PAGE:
Hackers have stolen as much as $1 billion from banks around the world, according to a prominent cybersecurity firm. In a report scheduled to be delivered Monday, Russian security company Kaspersky Lab claims that a hacking ring has infiltrated more than 100 banks in 30 countries over the past two years.

Kaspersky says digital thieves gained access to banks’ computer systems through phishing schemes and other confidence scams. Hackers then lurked in the institutions’ systems, taking screen shots or even video of employees at work. Once familiar with the banks’ operations, the hackers could steal funds without raising alarms, programming ATMs to dispense money at specific times for instance or transferring funds to fraudulent accounts. First outlined by the New York Times, the report will be presented Monday at a security conference in Mexico.

The hackers seem to limit their scores to about $10 million before moving on to another bank, Kaspersky principal security researcher Vicente Diaz told the Associated Press. This helps avoid detection; the crimes appear to be motivated primarily by financial gain. “In this case they are not interested in information. They’re only interested in the money,” he said. “They’re flexible and quite aggressive and use any tool they find useful for doing whatever they want to do.”

[New York Times]

TIME Economy

What’s Really to Blame for Weak Economic Growth

The George Washington statue stands covered in snow near the New York Stock Exchange (NYSE) in New York, U.S. Wind-driven snow whipped through New Yorks streets and piled up in Boston as a fast-moving storm brought near-blizzard conditions to parts of the Northeast, closing roads, grounding flights and shutting schools.
Jin Lee—Bloomberg via Getty Images The George Washington statue stands covered in snow near the New York Stock Exchange

Finance is a cause, not a symptom, of weaker economic growth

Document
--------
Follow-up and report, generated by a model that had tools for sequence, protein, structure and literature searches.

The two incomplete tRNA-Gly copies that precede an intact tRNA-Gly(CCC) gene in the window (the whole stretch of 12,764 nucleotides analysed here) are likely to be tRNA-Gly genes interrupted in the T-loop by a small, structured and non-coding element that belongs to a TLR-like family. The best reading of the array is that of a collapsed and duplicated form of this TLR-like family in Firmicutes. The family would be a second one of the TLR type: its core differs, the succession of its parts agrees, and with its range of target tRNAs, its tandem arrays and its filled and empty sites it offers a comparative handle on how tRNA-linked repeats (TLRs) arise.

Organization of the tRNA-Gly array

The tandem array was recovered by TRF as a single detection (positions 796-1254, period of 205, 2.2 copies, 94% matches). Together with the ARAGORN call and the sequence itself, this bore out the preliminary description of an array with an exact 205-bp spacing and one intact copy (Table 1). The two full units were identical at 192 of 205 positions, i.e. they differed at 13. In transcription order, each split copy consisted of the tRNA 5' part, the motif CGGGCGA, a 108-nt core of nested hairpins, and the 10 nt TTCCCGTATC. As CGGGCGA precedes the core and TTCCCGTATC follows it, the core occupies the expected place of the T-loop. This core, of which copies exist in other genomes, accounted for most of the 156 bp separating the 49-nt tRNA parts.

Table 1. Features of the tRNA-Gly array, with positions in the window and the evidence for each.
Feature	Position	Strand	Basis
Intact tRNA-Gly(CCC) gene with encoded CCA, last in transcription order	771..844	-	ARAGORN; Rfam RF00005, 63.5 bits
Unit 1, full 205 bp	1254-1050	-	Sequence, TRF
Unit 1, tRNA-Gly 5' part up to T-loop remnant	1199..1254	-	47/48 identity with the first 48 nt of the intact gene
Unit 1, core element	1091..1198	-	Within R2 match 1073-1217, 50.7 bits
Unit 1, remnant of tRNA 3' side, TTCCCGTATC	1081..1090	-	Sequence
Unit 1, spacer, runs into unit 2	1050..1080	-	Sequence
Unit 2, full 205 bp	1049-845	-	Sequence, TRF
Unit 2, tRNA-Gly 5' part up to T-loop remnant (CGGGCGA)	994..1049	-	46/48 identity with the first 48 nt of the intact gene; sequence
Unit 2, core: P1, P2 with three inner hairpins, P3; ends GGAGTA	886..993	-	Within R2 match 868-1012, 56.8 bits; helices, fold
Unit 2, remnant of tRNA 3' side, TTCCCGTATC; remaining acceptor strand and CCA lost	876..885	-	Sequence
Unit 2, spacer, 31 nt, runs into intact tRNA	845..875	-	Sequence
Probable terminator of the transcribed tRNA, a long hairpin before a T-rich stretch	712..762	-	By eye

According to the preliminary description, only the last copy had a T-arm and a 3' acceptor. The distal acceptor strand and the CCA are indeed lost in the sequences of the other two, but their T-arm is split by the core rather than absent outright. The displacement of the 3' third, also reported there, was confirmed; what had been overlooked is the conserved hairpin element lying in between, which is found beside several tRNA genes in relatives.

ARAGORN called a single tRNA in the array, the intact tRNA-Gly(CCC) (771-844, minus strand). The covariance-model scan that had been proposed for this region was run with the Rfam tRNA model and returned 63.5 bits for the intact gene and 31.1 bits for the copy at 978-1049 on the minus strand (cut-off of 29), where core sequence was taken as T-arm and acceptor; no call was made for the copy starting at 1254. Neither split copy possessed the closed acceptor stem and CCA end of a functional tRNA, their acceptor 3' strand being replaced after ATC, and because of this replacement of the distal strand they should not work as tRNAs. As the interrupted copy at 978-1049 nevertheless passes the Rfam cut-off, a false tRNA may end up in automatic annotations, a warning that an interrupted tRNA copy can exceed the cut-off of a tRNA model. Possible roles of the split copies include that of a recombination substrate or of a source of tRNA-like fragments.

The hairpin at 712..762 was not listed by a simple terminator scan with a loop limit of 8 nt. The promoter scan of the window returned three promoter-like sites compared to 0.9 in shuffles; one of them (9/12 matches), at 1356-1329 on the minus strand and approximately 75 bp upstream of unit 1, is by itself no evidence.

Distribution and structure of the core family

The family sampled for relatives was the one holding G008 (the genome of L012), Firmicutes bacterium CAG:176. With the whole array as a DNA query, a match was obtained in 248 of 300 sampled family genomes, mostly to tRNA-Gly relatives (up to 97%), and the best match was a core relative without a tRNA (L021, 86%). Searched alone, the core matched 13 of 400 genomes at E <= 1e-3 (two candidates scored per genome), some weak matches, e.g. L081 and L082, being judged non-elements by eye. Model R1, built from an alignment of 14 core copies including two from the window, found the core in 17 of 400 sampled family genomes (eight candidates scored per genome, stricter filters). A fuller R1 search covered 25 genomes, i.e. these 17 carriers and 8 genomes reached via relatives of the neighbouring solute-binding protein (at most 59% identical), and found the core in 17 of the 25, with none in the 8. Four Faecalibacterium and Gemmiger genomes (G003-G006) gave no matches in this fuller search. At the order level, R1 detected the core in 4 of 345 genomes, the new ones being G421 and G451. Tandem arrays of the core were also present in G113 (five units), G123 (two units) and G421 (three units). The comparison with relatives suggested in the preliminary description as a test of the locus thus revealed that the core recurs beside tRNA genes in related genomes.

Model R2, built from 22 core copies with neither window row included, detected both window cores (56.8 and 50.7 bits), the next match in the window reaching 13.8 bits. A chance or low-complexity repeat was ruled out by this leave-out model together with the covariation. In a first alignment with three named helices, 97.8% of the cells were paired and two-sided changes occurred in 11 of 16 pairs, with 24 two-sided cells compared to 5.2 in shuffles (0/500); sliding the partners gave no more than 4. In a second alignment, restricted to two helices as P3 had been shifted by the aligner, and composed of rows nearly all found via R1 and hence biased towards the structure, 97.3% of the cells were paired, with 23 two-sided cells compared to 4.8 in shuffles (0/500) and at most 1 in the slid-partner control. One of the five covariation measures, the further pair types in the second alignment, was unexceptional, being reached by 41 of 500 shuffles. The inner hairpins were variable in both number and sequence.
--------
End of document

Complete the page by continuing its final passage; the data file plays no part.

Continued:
After years of hardship, America’s middle class has gotten some positive news in the last few months. The country’s economic recovery is gaining steam, consumer spending is starting to tick up (it grew at more than 4 % last quarter), and even wages have started to improve slightly. This has understandably led some economists and analysts to conclude that the shrinking middle phenomenon is over.

At the risk of being a Cassandra, I’d argue that the factors that are pushing the recovery and working in the favor of the middle class right now—lower oil prices, a stronger dollar, and the end of quantitative easing—are cyclical rather than structural. (QE, Ruchir Sharma rightly points out in The Wall Street Journal, actually increased inequality by boosting the share-owning class more than anyone else.) That means the slight positive trends can change—and eventually, they will.

The piece of economic data I’m most interested in right now is actually a new report from Wallace Turbeville, a former Goldman Sachs banker and a senior fellow at think tank Demos, which looks at the effect of financialization on economic growth and the fate of the working and middle class. Financialization, a topic which I’m admitted biased toward since I’m writing a book about it, is the way in which the markets have come to dominate the economy, rather than serving them.

This includes everything from the size of the financial sector (still at record highs, even after the financial crisis and bailouts), to the way in which the financial markets dictate the moves of non-financial businesses (think “activist” investors and the pressure around quarterly results). The rise of finance since the 1980s has coincided with both the shrinking paycheck of most workers and a lower number of business start-ups and growth-creating innovation.